Kumasi — Government is rolling out a scheme to give teachers a subsidise loan to build their own houses, says the President, Nana Addo Dankwa Akufo-Addo.
"Through a subsidised loan programme, teachers will be provided with an opportunity to own homes in desired locations in various parts of the country," he intoned.
He observed that 60 years ago, being a teacher or a pupil teacher was respectable and fulfilling and the teacher could build a decent house with his or her salary alone.
Unfortunately, he noted, "we cannot imagine such a scenario for today's qualified teachers or even teachers nearing retirement, and this is not good enough".
The President was addressing the sixth Quadrennial National Delegates Conference of the Ghana National Association of Teachers (GNAT), in Kumasi on Tuesday.
The week-long conference was under the theme, "Surviving as a reliable and vibrant teacher union in the 21st Century."
It coincided with the cutting of a cake to celebrate 90 years of GNAT.
He said government was committed to the development of affordable housing for teachers across the nation and the current initiative would involve the provision of housing for both mortgages and mentors.
The President mentioned that the Education Ministry and the National Service Scheme were working on that, adding that the Ministry of Works and Housing and the teacher unions including the GNAT were in talks to provide more housing opportunities for teachers.
"Next two years," he pointed out, "10,000 housing units on affordable terms will be developed for teachers across the country. This is a tip of the iceberg, but it is a good beginning".
Stressing that government was committed to improving circumstances of teachers, he noted that teaching should not be seen as a stopgap or job of last resort the fact is, "teaching is a viable choice to enter a world of respectful profession with positive long term career prospects and good manifests".
According to the President, modern successful nations with experience of extraordinary results in the formation of human capital and economic development had shown that teacher quality was, perhaps, the single most determinant of their success.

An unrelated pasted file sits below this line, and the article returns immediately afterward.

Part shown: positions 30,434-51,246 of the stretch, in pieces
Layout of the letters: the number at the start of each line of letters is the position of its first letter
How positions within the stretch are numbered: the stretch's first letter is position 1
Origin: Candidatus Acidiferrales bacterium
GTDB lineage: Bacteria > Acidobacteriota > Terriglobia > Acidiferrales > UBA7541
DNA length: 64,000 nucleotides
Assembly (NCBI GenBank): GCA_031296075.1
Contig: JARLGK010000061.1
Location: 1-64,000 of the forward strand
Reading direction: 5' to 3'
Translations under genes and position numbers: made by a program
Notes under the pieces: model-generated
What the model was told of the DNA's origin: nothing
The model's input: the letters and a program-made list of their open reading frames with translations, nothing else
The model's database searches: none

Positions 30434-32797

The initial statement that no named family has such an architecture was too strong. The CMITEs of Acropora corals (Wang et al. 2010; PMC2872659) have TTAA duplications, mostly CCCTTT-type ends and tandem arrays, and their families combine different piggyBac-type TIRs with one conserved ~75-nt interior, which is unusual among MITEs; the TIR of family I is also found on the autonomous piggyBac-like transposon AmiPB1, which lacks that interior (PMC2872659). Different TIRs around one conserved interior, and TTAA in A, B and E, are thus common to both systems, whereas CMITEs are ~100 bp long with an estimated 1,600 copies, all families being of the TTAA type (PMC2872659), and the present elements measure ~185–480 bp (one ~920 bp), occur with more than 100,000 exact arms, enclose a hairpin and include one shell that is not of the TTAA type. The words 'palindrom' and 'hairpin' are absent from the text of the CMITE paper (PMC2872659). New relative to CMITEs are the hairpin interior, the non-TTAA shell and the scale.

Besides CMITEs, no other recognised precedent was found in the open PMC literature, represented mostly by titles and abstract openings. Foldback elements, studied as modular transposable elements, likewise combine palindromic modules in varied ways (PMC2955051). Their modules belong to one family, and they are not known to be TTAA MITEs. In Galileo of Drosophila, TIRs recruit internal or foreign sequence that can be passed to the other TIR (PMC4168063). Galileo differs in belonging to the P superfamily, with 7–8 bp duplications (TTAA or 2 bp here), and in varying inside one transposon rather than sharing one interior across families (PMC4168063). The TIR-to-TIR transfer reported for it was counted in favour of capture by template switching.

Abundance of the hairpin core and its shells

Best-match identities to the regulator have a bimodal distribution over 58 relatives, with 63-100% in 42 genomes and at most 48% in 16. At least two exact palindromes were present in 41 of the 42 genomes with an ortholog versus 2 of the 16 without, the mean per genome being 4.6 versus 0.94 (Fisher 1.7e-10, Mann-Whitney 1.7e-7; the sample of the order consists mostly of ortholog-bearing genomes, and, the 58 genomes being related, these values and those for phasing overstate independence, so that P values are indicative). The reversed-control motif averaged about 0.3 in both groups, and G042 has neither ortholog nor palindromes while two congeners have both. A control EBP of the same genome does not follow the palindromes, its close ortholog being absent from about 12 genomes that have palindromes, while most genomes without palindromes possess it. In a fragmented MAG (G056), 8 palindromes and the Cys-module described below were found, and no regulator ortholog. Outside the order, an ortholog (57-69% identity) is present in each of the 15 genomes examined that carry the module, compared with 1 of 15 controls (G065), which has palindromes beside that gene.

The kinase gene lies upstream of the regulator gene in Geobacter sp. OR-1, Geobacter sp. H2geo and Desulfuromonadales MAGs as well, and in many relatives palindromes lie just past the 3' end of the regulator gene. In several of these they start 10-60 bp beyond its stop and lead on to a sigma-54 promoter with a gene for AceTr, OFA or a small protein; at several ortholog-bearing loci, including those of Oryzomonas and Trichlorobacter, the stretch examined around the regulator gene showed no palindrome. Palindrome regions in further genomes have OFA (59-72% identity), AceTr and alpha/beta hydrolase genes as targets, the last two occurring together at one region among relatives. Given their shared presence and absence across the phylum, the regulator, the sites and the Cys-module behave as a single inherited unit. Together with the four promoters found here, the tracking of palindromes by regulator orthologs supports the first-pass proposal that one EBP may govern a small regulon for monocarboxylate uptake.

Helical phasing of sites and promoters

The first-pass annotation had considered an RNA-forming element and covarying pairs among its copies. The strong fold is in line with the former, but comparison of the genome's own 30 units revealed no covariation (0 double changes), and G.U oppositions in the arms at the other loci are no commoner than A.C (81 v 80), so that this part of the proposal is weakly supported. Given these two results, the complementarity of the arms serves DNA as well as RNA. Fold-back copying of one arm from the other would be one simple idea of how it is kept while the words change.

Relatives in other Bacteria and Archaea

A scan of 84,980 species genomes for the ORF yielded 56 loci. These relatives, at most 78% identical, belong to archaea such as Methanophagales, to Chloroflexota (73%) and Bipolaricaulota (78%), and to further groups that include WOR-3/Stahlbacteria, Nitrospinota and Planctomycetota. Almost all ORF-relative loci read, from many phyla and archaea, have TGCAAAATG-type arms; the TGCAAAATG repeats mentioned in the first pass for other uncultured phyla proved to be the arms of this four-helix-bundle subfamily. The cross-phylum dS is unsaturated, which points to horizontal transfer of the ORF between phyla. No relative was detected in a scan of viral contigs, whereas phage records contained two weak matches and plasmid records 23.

"And, for us in Ghana, to also make a success, we must pay attention to teachers... it is only a group of well-trained and motivated teachers who can deliver a skilled workforce required to transform the economy," he emphasized.
The President viewed that through the implementation of the Free Senior High School policy, government was ensuring that value was being added to the intellect of every Ghanaian child.
And, "this is our surest way of succeeding in adding value to the Ghanaian economy thereby helping to create acceptable well-paid jobs for the young people of the country".
President Nana Akufo-Addo mentioned that the public expenditure on education had doubled from GHc20.7 billion between 2013 and 2016 to GHc 40.4 billion between 2017 and 2020 representing some 95 per cent.
He called on teachers to help build a new Ghanaian civilisation for prosperity and development underpinned by creativity, innovation, hardwork, honesty, integrity and fellow feeling.
Reverend Prof. Emmanuel Adow Obeng, President of the Presbyterian University College, who delivered the keynote address, earlier observed that GNAT had lost its negotiation power because "it has become politically tainted and all members are politically aligned".
He asked GNAT to position itself so that the Association's expertise must be sought for before decisions were made.
Rev. Prof. Adow Obeng, however, commended GNAT for becoming a formidable teacher union after years of struggle.